Luke Thorne’s review published on Letterboxd:
An escaped prisoner and a stuffy law professor vie for the hand of a spirited schoolteacher in this multi-Oscar-nominated classic comedy drama directed by George Stevens.
Leopold Dilg (Cary Grant), who was unlawfully condemned of starting a fire deliberately, manages to get himself out from jail. While on the run, he discovers the home of Nora Shelley (Jean Arthur), an old pal from school for whom he loves, but doesn’t tell anyone.
Nora believes Leopold did not commit the crime and lets him pretend to be her landscaper; meanwhile, Professor Lightcap (Ronald Colman), a lawful specialist, has just started hiring a room in Nora’s house. Lightcap, like Leopold, also has eyes for Nora, which leads to a love triangle.
Cary Grant and Ronald Colman give very good performances in their respective roles as the prisoner and professor battle it out to get their hands-on Nora.
They both suit their roles really well and make the most of their screen time. However, Colman might be more remembered for his part in Random Harvest, which earned him an Academy Award nomination for Best Actor.
Also giving an excellent performance is Jean Arthur in her role as Nora, the schoolteacher who finds herself involved in the love triangle and having to decide as to who she loves the most. Who will she choose and who will she leave broken-hearted?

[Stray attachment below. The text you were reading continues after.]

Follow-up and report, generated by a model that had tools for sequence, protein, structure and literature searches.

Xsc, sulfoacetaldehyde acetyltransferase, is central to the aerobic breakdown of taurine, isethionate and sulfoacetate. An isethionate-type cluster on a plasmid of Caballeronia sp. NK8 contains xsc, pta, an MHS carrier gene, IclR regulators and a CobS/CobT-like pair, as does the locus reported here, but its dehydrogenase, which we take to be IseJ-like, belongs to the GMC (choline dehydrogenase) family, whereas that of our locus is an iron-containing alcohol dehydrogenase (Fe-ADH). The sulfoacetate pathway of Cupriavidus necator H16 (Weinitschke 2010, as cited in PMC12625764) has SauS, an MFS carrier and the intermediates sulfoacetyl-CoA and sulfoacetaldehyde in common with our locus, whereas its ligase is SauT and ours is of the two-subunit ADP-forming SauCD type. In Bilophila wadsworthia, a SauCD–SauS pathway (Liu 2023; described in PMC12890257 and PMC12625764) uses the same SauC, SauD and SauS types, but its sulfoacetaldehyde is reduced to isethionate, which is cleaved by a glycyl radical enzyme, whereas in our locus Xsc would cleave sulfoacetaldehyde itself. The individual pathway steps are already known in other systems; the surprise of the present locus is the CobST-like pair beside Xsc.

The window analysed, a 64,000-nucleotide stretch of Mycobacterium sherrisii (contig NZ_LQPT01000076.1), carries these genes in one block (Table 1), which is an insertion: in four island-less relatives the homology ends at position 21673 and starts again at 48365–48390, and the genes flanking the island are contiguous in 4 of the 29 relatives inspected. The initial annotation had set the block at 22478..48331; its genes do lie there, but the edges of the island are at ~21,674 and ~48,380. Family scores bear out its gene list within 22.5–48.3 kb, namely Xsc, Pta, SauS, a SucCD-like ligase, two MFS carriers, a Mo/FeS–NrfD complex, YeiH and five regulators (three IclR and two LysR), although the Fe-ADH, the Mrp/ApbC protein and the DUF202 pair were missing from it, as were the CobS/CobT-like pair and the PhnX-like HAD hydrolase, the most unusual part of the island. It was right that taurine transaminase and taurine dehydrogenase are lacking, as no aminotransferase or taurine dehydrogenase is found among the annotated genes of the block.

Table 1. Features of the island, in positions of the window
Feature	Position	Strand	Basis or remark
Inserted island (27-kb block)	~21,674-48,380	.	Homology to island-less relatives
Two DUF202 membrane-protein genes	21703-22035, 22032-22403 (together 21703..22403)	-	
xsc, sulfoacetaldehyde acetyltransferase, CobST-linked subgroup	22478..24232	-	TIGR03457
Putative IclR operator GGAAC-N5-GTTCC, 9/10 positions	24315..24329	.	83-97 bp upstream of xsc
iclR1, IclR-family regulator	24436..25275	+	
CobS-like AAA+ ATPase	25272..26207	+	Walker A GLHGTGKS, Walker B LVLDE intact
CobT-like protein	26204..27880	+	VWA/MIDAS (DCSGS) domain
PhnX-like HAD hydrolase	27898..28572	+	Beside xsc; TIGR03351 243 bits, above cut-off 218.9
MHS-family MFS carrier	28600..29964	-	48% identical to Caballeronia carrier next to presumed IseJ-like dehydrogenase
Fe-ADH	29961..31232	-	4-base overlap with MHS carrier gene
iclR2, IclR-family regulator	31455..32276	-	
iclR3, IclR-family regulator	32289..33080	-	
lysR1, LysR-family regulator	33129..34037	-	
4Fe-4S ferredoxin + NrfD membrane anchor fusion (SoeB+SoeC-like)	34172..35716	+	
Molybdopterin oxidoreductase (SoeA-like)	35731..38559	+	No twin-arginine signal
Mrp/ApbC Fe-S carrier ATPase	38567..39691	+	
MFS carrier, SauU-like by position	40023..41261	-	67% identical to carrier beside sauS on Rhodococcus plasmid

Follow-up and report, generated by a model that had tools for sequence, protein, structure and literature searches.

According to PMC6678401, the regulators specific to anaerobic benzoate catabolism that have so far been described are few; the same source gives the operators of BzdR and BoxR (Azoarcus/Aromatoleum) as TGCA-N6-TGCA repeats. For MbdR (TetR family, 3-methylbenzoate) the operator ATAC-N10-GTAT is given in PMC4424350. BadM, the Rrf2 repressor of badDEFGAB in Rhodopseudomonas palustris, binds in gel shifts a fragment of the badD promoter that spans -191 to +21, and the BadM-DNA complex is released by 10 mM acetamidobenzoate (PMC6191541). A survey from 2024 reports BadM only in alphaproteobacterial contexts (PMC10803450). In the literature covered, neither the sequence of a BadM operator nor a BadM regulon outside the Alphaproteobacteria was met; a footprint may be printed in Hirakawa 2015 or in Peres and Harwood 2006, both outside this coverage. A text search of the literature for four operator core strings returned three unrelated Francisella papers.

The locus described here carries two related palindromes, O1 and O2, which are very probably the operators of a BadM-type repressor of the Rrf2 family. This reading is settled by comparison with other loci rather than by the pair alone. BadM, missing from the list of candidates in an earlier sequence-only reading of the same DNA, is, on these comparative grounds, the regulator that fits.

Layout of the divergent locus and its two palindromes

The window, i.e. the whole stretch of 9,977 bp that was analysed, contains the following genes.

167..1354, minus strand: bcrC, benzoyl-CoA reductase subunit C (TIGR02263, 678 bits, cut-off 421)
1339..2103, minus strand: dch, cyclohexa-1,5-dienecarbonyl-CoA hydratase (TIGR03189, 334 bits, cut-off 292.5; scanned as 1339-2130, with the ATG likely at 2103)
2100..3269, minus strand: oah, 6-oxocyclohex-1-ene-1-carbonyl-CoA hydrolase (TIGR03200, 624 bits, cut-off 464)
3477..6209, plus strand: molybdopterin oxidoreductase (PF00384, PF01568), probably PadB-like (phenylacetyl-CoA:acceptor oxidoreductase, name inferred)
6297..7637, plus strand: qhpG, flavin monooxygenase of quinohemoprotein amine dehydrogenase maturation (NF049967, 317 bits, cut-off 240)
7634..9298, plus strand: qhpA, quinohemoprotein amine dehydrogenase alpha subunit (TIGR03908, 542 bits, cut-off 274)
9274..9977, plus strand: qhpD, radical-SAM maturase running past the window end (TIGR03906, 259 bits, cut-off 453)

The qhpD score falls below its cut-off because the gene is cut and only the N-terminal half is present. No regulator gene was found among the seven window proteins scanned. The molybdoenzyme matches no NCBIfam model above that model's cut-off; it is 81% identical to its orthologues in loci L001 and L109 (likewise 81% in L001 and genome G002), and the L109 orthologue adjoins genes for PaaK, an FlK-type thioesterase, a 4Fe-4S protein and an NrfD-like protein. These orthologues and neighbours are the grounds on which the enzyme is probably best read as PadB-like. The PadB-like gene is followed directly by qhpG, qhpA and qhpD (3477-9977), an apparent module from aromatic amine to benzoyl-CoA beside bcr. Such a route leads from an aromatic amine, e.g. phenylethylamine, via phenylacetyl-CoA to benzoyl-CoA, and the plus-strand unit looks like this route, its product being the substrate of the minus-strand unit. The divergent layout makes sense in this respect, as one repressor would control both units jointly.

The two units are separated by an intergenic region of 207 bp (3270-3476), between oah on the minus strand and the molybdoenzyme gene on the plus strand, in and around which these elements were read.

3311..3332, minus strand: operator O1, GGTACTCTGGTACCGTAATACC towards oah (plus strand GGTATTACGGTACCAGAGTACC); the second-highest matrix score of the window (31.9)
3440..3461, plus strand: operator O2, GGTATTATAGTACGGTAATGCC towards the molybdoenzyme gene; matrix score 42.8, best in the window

The direction from Stevens is excellent because he allows the facial expressions to be seen to a strong effect throughout, while also keeping a pleasant atmosphere happening as well.
The script is written to a terrific standard by Dale Van Every, Irwin Shaw and Sidney Buchman as they make the movie really easy to follow and create some funny moments. But even when the movie isn’t funny, you can still understand what is happening, because the narrative is definitely there.
The technical aspects that stand out best in glorious black-and-white are the set, camera, music and editing, because the set is terrific to view at all times; the camera makes very good use of the locations and also captures the sometimes funny and tense moments well, which get the edge-of-the-seat status; the music is very enjoyable to listen to; the film is edited to a brilliant standard.
The movie managed to win 7 Academy Award nominations: Best Picture, Best Story (Sidney Harmon), Best Screenplay (Sidney Buchman and Irwin Shaw), Best Production Design (Black-and-White), Best Cinematography (Black-and-White), Best Music, Scoring of a Dramatic or Comedy Picture and Best Film Editing. Even though it didn’t win any of those prizes, the nominations were deserved.
Overall, The Talk of the Town is one love triangle that works so well because Cary Grant, Ronald Colman and Jean Arthur are at their best.